$ sls create --template-url https://github.com/danteinc/js-cloud-native-cookbook/tree/master/ch1/create-stack --path cncb-create-stack
  1. Navigate to the cncb-create-stack directory with cd cncb-create-stack.
  2. Review the file named serverless.yml with the following content:
service: cncb-create-stack

provider:
  name: aws
  1. Review the file named package.json with the following content:
{
  "name": "cncb-create-stack",
  "version": "1.0.0",
  "private": true,
  "scripts": {
    "test": "sls package -r us-east-1 -s test",
    "dp:lcl": "sls deploy -r us-east-1",
    "rm:lcl": "sls remove -r us-east-1"
  },
  "devDependencies": {
    "serverless": "1.26.0"
  }
}
  1. Install the dependencies with npm install.
  2. Run the tests with npm test.
  3. Review the contents generated in the .serverless directory.
  4. Deploy the stack:
$ npm run dp:lcl -- -s $MY_STAGE

> [email protected] dp:lcl <path-to-your-workspace>/cncb-create-stack
> sls deploy -r us-east-1 "-s" "john"

Serverless: Packaging service...
Serverless: Creating Stack...
Serverless: Checking Stack create progress...
.....
Serverless: Stack create finished...
Serverless: Uploading CloudFormation file to S3...
Serverless: Uploading artifacts...
Serverless: Validating template...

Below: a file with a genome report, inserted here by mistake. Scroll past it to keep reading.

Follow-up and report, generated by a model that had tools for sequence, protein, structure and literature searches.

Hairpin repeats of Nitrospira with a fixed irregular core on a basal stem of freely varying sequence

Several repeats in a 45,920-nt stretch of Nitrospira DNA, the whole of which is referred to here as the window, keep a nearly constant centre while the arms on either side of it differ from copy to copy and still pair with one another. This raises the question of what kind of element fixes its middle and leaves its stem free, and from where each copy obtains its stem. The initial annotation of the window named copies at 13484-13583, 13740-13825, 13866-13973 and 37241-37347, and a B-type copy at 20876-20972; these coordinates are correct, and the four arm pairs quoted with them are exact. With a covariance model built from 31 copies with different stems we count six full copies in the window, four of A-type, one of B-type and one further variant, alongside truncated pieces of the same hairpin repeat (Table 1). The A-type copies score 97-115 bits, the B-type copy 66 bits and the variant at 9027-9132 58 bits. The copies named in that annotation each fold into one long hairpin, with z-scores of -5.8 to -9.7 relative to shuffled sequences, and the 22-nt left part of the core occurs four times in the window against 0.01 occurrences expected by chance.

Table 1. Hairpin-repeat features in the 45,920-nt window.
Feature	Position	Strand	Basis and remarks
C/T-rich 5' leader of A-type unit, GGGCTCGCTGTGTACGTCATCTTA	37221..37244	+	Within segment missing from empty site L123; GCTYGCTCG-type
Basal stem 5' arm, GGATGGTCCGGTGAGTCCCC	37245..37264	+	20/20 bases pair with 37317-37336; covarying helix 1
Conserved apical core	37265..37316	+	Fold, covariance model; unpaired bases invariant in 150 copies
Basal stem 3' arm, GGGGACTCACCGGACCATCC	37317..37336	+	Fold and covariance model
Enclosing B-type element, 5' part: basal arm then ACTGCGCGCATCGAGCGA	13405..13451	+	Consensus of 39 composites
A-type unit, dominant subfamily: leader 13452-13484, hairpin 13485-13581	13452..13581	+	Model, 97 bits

Serverless: Updating Stack...
Service Information
service: cncb-create-stack
stage: john
region: us-east-1
stack: cncb-create-stack-john
api keys:
 None
endpoints:
 None
functions:
 None
  1. Review the stack in the AWS Console:
  1. Remove the stack once you have finished with npm run rm:lcl -- -s $MY_STAGE.

How it works...

The Serverless Framework (SLS) (https://serverless.com/framework/docs) is my tool of choice for deploying cloud resources, regardless of whether or not I am deploying serverless resources, such as functions. SLS is essentially an abstraction layer on top of infrastructure as code tools, such as AWS CloudFormation, with extensibility features such as plugins and dynamic variables. We will use SLS in all of our recipes. Each recipe starts by using the SLS feature to create a new project by cloning a template. You will ultimately want to create your own templates for jump-starting your own projects.

This first project is as bare bones as we can get. It essentially creates an empty CloudFormation stack. In the serverless.yml file, we define the service name and the provider. The service name will be combined with the stage, which we will discuss shortly, to create a unique stack name within your account and region. I have prefixed all the stacks in our recipes with cncb to make it easy to filter for these stacks in the AWS Console if you are using a shared account, such as your development or sandbox account at work.

Our next most important tool is Node Package Manager (NPM) (https://docs.npmjs.com/). We will not be packaging any Node modules (also known as libraries), but we will be leveraging NPM's dependency management and scripting features. In the package.json file, we declared a development dependency on the Serverless Framework and three custom scripts to test, deploy, and remove our stack. The first command we execute is npm install, which will install all the declared dependencies into the project's node_modules directory.